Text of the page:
FSB takes financial literacy into Gauteng high schools

20 May 2016 Lyndwill Clarke, FSB

Education in the economic heartland of Gauteng is about to get a major boost with a new financial literacy competition for high school learners launched by the Financial Services Board (FSB) on Tuesday, 10 May 2016.

The FSB launched the competition, in collaboration with the Gauteng Department of Education (GDE), to address the lack of financial literacy in learners in an effort to ultimately boost economic growth in South Africa.

Held at Midrand High School in Midrand, the launch was attended by senior representatives from the FSB and GDE, teachers from various high schools across Gauteng, as well as other stakeholders in the financial services training sector, who expressed enthusiasm at the competition’s prospects to inculcate financial shrewdness to the youth.

The project is based on a model started in KwaZulu-Natal schools and which is being implemented in that province by the KZN Financial Literacy Association for over 20 years with over 1 500 learners from all the province’s districts participating.

“The quality of the work presented by the learners in KwaZulu-Natal has been increasing dramatically over the past five years, with massive interest from schools in the province and impressive results for learners who participated in the competition,” says Lyndwill Clarke, Head for Consumer Education at the FSB.

“This is why we decided to expand the competition to Gauteng, which is at the heart of the South Africa economic landscape,” he adds.

The competition targets Grade 11 learners in the 15 districts across Gauteng and focuses on encouraging learners to become more financially literate through conducting research on one of the three topics provided and presenting their findings in a well-crafted, five minute speech. Topics include entrepreneurship, savings and investments and credit.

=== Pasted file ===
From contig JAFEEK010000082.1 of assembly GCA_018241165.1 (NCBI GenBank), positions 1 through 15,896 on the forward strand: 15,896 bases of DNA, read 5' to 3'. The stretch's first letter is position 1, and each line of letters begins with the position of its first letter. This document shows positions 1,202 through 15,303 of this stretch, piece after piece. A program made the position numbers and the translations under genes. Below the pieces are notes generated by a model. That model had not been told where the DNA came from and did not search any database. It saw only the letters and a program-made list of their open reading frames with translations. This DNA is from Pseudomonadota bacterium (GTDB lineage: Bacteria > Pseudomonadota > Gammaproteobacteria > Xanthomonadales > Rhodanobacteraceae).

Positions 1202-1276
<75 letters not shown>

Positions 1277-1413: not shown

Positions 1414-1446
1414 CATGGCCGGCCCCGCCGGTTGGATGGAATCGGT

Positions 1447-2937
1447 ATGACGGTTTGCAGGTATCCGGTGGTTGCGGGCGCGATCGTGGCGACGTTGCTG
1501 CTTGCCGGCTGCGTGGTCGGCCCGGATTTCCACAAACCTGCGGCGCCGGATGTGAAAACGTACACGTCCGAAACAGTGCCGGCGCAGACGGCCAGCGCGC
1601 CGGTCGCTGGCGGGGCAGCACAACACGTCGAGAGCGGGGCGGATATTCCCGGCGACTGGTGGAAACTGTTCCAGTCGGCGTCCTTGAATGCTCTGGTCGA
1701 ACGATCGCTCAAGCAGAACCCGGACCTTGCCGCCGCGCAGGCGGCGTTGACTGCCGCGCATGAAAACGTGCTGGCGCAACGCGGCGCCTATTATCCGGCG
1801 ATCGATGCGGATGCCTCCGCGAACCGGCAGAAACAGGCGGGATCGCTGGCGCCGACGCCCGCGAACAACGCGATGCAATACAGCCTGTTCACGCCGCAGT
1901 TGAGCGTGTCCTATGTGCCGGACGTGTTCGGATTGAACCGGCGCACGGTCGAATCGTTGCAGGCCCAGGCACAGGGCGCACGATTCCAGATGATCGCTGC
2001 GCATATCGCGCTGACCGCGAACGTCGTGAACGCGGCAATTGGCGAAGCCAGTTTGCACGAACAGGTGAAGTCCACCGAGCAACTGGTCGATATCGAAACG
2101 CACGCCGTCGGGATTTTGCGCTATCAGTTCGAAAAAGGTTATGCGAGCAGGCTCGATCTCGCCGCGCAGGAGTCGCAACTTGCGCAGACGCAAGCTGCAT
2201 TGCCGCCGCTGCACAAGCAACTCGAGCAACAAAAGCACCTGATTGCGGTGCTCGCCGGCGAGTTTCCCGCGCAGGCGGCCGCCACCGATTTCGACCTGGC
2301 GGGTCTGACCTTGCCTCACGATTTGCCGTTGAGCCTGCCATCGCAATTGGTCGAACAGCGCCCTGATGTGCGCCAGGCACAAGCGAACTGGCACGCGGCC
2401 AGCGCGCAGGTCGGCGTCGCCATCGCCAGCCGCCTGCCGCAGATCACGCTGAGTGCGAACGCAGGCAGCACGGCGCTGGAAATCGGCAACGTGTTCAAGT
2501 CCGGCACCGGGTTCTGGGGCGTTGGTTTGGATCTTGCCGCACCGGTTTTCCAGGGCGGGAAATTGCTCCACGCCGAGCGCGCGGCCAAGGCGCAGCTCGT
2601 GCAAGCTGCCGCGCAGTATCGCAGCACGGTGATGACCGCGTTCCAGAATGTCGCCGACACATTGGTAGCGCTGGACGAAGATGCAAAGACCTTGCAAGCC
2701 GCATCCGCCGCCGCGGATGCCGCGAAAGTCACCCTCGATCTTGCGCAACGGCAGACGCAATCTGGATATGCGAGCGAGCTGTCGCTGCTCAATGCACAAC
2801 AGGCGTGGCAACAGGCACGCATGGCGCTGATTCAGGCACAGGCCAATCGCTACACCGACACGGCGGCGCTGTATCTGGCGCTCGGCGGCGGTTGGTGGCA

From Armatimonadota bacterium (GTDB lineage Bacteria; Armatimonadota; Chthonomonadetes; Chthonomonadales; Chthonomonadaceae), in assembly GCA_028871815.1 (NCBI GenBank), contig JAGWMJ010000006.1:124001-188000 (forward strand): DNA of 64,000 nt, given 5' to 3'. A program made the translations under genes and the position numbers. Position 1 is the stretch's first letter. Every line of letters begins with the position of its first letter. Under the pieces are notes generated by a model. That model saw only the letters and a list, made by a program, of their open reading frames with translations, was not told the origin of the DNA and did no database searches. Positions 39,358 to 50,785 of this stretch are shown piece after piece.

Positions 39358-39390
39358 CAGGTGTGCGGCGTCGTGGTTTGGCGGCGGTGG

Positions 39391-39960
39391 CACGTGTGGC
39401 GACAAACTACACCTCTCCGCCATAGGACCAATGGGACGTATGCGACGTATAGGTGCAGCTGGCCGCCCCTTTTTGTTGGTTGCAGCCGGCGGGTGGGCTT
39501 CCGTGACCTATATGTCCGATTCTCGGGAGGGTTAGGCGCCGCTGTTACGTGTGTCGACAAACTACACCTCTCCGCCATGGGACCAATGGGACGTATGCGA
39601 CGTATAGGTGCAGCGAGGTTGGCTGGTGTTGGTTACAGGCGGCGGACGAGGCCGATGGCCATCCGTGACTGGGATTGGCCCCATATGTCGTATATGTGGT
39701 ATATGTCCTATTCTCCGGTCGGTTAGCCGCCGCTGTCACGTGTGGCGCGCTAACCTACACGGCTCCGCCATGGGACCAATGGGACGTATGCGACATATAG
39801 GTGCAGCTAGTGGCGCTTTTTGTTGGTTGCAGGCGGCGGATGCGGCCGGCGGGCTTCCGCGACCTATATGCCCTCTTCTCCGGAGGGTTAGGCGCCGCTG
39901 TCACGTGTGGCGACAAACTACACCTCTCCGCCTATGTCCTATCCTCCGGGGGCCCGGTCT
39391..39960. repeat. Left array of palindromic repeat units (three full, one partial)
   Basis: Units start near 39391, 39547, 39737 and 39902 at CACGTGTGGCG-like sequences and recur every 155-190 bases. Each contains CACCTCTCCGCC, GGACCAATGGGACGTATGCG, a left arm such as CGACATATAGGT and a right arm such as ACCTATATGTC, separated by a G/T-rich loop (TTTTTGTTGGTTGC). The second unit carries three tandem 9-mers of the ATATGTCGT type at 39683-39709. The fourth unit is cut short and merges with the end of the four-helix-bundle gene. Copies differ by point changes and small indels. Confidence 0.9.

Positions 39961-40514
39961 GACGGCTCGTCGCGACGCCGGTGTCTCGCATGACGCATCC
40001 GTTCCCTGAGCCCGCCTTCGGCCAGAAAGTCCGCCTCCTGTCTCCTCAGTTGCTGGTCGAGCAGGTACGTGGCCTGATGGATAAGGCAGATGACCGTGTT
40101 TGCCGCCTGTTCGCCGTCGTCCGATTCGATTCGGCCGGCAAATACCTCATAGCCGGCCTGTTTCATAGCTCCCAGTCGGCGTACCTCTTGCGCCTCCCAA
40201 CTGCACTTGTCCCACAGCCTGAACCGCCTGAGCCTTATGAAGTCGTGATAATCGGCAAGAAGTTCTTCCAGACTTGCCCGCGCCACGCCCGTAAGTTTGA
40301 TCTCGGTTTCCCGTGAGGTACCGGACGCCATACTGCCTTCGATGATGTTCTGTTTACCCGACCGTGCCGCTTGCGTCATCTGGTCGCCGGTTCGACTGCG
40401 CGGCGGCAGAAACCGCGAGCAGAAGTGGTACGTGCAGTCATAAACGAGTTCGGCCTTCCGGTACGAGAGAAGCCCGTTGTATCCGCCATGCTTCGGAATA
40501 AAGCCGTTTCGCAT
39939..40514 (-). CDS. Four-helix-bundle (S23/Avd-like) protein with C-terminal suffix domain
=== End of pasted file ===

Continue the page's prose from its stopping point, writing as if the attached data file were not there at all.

“The competition will instil a sense of financial literacy in the youth and this will give them an opportunity to research and experience financial literacy from a practical and not a theoretical point of view,” says Clarke.

He told the gathering that financial discipline is very important for an emerging economy such as ours and “as such it is incumbent upon all of us in the financial services sector to introduce it to our youth at an early age”.

In addition, through assisting learners, teachers will also benefit from the research undertaken for the competition.

The objectives of the competition are the following:

• Promoting financial literacy in schools (Budgeting, Saving & Investment and Consumer Rights).
• Creating awareness of consumer rights & available support systems.
• Promoting careers in the financial services industry.
• Encouraging entrepreneurship.
• Integrating theory and practice as an important principal in the National Curriculum Statement (NCS).

The competition will be held in three rounds from school progressing to district and culminating in the provincial final. At the provincial final, district winners will compete to determine the overall winner. The Grand prizes for the top three schools, teachers and learners vary between R20 000 and R5000. Learners from participating schools will be invited to attend and support their representatives.

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